She maybe tiny, but 14-year-old Tayla Hansen has a huge passion for Speckle Park cattle and is proving a great ambassador for the breed. Sheryl Brown reports.

Nicknamed ‘the little speckle girl’, 14-year-old Tayla Hansen has a knack for showing cattle and has started her own Speckle Park stud.

The small-framed teenager has no qualms leading her 700kg-plus yearling Speckle Park bull around the ring and has impressed onlookers with her natural stockmanship ability.

“Seeing this little girl promoting the breed and the support and opportunities she is getting is pretty special. She’s so tiny, but extremely capable,” her mum Brenda says.

Tayla has a vast collection of ribbons and trophies and was Northern Junior District Handler of the Year for the last two years running.

Last year she was invited by Fish Creek Farm to the Melbourne Royal Show to lead one of their Speckle Park heifers and Paul Hours from Peninsula Cattle Company has invited her back to attend the Adelaide Show later this year.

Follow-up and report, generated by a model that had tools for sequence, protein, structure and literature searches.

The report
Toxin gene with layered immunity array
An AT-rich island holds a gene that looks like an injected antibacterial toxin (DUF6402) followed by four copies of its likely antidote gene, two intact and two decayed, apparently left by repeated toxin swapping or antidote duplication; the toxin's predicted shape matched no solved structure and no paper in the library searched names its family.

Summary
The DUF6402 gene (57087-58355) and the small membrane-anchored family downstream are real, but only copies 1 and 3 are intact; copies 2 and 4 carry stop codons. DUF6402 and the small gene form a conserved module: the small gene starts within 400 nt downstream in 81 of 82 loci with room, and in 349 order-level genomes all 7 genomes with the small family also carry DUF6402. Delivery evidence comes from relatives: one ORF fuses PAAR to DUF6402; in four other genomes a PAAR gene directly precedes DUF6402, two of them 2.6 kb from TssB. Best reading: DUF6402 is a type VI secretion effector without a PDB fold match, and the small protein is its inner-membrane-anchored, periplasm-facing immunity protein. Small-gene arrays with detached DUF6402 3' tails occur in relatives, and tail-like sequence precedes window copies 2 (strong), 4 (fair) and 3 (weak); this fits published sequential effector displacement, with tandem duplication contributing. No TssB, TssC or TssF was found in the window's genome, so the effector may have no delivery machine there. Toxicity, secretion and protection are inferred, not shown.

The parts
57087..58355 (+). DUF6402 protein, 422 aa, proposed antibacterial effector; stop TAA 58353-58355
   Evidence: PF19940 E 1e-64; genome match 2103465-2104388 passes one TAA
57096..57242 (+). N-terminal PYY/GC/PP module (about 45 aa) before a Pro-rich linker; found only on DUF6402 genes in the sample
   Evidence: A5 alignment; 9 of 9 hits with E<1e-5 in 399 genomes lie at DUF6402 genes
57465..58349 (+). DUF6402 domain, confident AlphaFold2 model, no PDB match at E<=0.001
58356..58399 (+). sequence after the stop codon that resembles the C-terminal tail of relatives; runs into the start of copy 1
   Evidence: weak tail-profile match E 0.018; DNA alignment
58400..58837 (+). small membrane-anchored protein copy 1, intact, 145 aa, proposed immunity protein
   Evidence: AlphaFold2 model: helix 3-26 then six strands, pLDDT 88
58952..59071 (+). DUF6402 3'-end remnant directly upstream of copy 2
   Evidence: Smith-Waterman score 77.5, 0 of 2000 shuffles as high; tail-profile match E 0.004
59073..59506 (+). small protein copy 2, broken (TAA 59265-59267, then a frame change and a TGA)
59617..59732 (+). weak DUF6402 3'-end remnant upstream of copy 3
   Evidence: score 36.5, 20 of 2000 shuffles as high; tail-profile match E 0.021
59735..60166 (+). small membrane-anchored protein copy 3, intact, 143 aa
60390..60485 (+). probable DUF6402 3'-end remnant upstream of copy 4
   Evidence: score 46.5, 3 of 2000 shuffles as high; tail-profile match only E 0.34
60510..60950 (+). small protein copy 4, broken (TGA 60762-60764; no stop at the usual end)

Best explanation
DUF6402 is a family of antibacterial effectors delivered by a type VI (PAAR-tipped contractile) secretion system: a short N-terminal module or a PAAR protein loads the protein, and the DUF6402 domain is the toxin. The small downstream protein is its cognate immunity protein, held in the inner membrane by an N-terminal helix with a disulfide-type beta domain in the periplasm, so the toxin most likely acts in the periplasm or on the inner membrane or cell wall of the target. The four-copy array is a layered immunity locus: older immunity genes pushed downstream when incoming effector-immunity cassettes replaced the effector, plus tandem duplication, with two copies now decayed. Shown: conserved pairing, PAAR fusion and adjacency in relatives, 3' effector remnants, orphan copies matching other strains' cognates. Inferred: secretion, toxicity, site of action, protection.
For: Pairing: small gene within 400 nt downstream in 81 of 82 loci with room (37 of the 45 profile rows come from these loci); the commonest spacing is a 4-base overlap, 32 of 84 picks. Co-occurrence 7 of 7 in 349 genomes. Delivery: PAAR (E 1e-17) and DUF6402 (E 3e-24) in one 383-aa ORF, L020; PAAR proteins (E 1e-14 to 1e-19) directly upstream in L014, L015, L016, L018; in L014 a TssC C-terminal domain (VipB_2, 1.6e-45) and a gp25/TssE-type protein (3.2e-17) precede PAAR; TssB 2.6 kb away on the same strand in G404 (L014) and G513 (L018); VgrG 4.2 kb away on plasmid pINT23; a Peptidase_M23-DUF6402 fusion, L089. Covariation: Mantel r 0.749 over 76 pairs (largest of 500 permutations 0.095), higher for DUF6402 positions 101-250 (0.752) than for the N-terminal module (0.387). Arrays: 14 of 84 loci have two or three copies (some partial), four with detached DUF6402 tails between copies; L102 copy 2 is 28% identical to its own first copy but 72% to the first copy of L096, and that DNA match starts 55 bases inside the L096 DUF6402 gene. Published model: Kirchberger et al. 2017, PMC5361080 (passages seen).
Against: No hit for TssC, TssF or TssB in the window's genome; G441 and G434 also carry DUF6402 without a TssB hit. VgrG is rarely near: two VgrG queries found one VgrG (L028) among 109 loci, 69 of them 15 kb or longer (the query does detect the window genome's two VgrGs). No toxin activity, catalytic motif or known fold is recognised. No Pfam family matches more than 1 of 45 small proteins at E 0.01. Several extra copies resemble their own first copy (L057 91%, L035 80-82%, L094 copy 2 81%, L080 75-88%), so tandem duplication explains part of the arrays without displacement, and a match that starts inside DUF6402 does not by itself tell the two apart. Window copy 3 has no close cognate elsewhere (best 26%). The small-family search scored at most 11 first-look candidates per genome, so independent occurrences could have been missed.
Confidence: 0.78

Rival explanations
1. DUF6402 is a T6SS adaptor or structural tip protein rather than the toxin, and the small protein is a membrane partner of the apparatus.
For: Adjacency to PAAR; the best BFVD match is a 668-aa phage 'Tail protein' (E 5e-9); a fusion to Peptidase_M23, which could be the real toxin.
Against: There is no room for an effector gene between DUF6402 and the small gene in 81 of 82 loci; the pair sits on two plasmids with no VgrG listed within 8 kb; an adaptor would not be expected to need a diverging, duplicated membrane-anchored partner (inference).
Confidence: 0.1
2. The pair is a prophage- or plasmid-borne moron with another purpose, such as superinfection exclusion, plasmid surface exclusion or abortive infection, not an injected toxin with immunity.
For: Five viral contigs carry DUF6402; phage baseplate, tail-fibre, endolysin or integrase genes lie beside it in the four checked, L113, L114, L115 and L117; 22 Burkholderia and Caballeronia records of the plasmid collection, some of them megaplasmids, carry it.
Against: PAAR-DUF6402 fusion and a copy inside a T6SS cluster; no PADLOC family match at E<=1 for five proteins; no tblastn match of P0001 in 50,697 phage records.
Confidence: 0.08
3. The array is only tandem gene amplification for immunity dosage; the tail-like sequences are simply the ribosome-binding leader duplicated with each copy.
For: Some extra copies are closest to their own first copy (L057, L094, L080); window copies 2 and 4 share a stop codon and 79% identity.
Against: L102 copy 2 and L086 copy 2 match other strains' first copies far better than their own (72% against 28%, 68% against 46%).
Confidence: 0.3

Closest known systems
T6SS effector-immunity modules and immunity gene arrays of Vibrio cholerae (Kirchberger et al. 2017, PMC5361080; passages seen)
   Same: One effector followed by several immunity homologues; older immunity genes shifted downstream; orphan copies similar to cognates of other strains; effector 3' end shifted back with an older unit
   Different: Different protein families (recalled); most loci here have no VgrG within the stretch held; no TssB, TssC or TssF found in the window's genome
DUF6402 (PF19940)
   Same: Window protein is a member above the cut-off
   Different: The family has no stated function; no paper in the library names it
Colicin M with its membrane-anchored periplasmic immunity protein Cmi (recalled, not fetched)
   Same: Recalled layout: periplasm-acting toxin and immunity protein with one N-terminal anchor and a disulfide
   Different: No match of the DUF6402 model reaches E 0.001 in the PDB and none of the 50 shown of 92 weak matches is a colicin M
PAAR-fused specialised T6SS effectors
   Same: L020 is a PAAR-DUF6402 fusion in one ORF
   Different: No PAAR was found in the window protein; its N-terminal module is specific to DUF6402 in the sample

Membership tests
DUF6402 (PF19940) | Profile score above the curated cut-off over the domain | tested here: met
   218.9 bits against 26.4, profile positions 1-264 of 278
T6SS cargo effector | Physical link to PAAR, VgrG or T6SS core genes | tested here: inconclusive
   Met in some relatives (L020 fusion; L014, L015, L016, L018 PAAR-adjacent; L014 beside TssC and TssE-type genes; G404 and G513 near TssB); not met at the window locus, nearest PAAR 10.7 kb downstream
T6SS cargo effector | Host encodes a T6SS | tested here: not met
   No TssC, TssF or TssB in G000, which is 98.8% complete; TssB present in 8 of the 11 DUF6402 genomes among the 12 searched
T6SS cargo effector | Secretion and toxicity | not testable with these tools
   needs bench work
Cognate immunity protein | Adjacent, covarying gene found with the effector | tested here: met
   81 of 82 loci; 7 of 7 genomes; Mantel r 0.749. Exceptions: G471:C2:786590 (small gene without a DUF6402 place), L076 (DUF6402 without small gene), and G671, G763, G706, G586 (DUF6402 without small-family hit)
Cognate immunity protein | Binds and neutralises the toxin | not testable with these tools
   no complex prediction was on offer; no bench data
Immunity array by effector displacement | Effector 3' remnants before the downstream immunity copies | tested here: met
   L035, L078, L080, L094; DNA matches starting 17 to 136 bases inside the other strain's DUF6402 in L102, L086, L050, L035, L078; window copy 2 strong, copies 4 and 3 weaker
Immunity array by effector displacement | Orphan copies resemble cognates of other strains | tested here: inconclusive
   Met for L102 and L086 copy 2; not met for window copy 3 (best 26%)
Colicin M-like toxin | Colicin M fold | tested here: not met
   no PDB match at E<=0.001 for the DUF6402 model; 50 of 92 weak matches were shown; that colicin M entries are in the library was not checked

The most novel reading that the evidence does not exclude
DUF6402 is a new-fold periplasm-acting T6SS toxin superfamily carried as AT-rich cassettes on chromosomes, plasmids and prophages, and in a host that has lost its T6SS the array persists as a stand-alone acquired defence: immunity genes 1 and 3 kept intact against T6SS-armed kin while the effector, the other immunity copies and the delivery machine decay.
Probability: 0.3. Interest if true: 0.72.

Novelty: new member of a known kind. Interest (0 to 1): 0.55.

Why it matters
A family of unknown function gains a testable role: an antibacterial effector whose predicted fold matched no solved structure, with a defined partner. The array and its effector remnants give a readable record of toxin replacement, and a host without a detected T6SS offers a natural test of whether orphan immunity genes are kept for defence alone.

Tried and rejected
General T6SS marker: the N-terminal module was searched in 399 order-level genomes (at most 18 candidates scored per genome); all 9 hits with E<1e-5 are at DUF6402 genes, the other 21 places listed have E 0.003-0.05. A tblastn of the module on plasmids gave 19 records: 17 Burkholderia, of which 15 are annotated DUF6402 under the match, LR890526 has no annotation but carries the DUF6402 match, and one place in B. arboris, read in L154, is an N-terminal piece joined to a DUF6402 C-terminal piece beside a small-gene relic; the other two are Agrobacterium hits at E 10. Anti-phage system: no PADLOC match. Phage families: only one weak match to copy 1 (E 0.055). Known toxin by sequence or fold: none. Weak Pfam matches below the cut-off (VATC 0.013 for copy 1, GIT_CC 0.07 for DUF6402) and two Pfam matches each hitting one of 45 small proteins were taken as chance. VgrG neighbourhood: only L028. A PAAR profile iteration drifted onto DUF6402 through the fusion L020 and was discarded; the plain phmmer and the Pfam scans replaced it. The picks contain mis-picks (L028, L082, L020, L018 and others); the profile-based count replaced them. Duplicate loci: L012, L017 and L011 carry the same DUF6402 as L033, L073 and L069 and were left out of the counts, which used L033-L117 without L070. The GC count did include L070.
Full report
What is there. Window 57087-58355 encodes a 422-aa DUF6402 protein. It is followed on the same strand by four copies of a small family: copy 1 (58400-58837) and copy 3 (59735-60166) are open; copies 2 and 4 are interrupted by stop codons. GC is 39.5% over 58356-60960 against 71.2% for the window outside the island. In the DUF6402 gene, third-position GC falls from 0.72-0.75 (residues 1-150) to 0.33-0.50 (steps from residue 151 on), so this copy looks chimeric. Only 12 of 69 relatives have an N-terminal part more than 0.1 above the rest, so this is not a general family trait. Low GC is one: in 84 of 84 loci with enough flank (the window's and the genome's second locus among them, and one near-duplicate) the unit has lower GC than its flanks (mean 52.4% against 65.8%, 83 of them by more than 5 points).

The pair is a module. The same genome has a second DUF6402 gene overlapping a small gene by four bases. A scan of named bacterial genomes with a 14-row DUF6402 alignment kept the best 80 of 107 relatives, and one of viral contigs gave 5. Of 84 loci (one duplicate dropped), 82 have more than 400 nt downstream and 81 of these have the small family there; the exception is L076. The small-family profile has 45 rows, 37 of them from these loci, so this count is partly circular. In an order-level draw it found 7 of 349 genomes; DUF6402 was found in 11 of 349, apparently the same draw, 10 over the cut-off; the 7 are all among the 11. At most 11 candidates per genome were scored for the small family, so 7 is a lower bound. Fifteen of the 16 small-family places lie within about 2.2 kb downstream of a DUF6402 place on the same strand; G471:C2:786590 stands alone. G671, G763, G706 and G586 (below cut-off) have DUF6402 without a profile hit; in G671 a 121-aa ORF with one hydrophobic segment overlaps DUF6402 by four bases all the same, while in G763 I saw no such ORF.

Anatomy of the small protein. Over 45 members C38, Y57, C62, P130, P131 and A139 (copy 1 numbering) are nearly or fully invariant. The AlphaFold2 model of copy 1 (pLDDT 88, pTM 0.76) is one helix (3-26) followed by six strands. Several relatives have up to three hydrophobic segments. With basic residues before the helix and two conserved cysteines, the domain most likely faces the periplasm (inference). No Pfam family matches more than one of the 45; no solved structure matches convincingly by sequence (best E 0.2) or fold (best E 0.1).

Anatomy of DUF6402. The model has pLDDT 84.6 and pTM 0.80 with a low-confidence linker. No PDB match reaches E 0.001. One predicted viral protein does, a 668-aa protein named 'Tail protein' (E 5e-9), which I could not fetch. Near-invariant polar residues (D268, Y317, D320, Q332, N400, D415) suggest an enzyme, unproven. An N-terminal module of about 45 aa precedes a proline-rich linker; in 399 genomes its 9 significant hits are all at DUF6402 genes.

Tayla will fly to Melbourne and help them get the cattle ready and then travel the eight-hour drive with them to Adelaide.

Growing up on her parents’ lifestyle block at Taupiri in the Waikato, Tayla’s passion for cattle was ignited by taking calves to her local calf club and A&P shows.

Starting out with Friesians, she later wanted to take an Angus and then was swept up by the Speckle Park breed.

When she spotted her first Speckle Park animal at an A&P show five years ago she was immediately fascinated by their uniqueness.

“I was really drawn to them the first time I saw them,” Tayla says.

“I thought they had a great nature, and then I got the opportunity to have one through a family friend.”

She has since gone on to buy, sell and show crossbred Speckle Parks for the last few years. She currently owns seven crossbreds and now has her first pedigree bull and heifer calf who are the start of her own stud – Limited Edition Speckle Park.

Her yearling bull Below Sea Level Master of Mayhem’ (M&M) and heifer calf Below Sea Level No Papparazi (Lizard), have been immensely successful at shows this season.